Training results in happy staff and on the job satisfaction
The new year is traditionally the time for new opportunities and challenges, with career improvements and training opportunities often featured in plans for the year ahead. A survey conducted on behalf of the Learning and Skills Council (LSC) has found that the UK is a nation with long term ambition rather than a quick fix attitude, with people choosing to improve their jobs rather than apply for new ones.
The survey reveals good news for employers, as more than half (54 per cent) of respondents said they would rather improve their current role compared to just 16 per cent preferring to start afresh. Despite this, less than half (40 per cent) of those surveyed were likely to ask their employers for training to help develop their roles.
Findings reveal 46 per cent of employees surveyed said training would make them more likely to stay with the company. An earlier report by the Department for Education and Skills, now the Department for Innovation, Universities and Skills (DIUS) suggests employers are overlooking the benefits that training can bring to staff retention, which found that less than one per cent of employers would increase training to encourage staff retention or morale.
46 per cent of employees surveyed said training would make them more likely to stay with the company.
Training leads to staff retention
Of those who did train their staff, 4 in 10 employers reported an increase in staff retention. This is also reflected in employees’ views of work based training, as 45 per cent of employees surveyed would feel more valued, and 46 per cent were more motivated if their organisation invested in their skills.
Jaine Clarke, Director of Skills for Employers at the Learning and Skills Council comments: “This research reveals a clear need for employers to change their attitude to training if they are to reduce staff turnover and boost morale. We would also encourage employees to take their future into their own hands and ask their employers about training before taking the step of finding a new job.”
Planning your 2012 training and development program
If you haven’t planned and scheduled your staff training program for 2012, it is not too late to start.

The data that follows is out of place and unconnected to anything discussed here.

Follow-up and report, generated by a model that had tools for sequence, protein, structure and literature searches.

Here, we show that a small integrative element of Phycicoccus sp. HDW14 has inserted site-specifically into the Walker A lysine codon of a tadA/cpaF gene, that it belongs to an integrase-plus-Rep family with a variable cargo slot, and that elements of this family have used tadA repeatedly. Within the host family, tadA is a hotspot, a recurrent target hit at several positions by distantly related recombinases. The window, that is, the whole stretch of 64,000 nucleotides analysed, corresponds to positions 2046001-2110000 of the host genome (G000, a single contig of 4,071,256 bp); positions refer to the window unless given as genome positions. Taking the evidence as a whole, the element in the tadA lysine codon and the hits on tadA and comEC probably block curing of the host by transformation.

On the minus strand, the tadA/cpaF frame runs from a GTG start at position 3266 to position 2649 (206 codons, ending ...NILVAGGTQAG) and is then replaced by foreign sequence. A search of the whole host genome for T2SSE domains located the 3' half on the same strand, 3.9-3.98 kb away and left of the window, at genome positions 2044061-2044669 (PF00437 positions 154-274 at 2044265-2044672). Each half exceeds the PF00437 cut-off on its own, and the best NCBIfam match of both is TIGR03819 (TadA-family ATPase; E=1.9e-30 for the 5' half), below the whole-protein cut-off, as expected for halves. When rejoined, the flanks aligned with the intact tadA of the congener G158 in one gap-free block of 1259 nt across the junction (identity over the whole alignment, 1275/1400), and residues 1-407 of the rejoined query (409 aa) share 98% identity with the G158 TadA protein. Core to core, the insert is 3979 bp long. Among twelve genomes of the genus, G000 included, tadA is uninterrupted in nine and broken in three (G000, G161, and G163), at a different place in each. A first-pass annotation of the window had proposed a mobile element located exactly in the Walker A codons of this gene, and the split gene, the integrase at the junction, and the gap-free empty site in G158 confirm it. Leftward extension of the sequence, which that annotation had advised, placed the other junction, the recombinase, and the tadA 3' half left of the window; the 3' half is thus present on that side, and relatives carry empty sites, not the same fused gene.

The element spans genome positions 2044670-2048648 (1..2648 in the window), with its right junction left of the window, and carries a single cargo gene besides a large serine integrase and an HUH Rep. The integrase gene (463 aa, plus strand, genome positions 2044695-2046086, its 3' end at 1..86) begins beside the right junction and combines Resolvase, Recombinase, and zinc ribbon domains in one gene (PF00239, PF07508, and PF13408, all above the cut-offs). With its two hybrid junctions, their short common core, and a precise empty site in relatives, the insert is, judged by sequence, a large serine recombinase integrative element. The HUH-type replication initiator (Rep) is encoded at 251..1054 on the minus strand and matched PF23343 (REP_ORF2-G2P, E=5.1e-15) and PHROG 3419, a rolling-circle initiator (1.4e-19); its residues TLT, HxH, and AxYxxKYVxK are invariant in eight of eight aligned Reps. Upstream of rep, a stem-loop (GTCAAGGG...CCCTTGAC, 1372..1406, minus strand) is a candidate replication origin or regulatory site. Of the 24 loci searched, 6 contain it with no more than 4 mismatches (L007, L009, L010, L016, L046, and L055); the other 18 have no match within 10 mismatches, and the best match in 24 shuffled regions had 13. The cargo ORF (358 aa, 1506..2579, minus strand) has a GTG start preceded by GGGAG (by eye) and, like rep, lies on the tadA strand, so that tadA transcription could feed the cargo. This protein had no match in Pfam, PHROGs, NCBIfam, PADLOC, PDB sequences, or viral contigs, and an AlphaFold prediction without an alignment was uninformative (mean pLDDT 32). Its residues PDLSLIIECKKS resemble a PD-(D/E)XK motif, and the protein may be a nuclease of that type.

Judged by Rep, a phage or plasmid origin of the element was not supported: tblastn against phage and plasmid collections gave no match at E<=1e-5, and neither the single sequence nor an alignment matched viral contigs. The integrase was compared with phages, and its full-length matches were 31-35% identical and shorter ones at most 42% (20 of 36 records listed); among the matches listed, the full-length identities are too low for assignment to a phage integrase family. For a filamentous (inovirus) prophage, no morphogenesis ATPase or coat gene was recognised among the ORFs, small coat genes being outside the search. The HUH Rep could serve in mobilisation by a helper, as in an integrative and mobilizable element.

If you have identified any of the following problems in your health care business in the past year, an investment in training may be a good idea…
If you want your staff to address some of these problems, simply asking them to work harder will likely not do the trick. You could, however, help address one or more of these problems through an effective staff training:
Successful health care companies invest in their people
A 2004 study surveying sales directors found large differences in the amount of time being devoted to training. Of those surveyed, over 40 per cent spend less than six days a year on training their sales force, with a quarter of companies only spending one or two days on training. Less than 15 per cent of companies claimed to spend ten or more days on training.
Interestingly, another study found that 59% of buyers think that salespeople are fair to poor at using the telephone. Less than a third said salespeople had good telephone skills and only 1% thought they were excellent.
My guess is that the 15% of companies spending 10 or more days on training on each employee are providing better customer service and enjoying better sales results than the other 85%.
As a benchmark, I recommend a minimum of 1 day of training per month for each employee. That is a good rule of thumb when trying to change behaviours that will lead to changes in results (i.e. the Four Seasons spends 12.25 days per year on training for each member of staff).
As a side-benefit, your staff will enjoy the increased attention they receive, develop increased confidence on the job, and pay you back in customer service or sales excellence, which will be worth many times the financial investment in the training itself.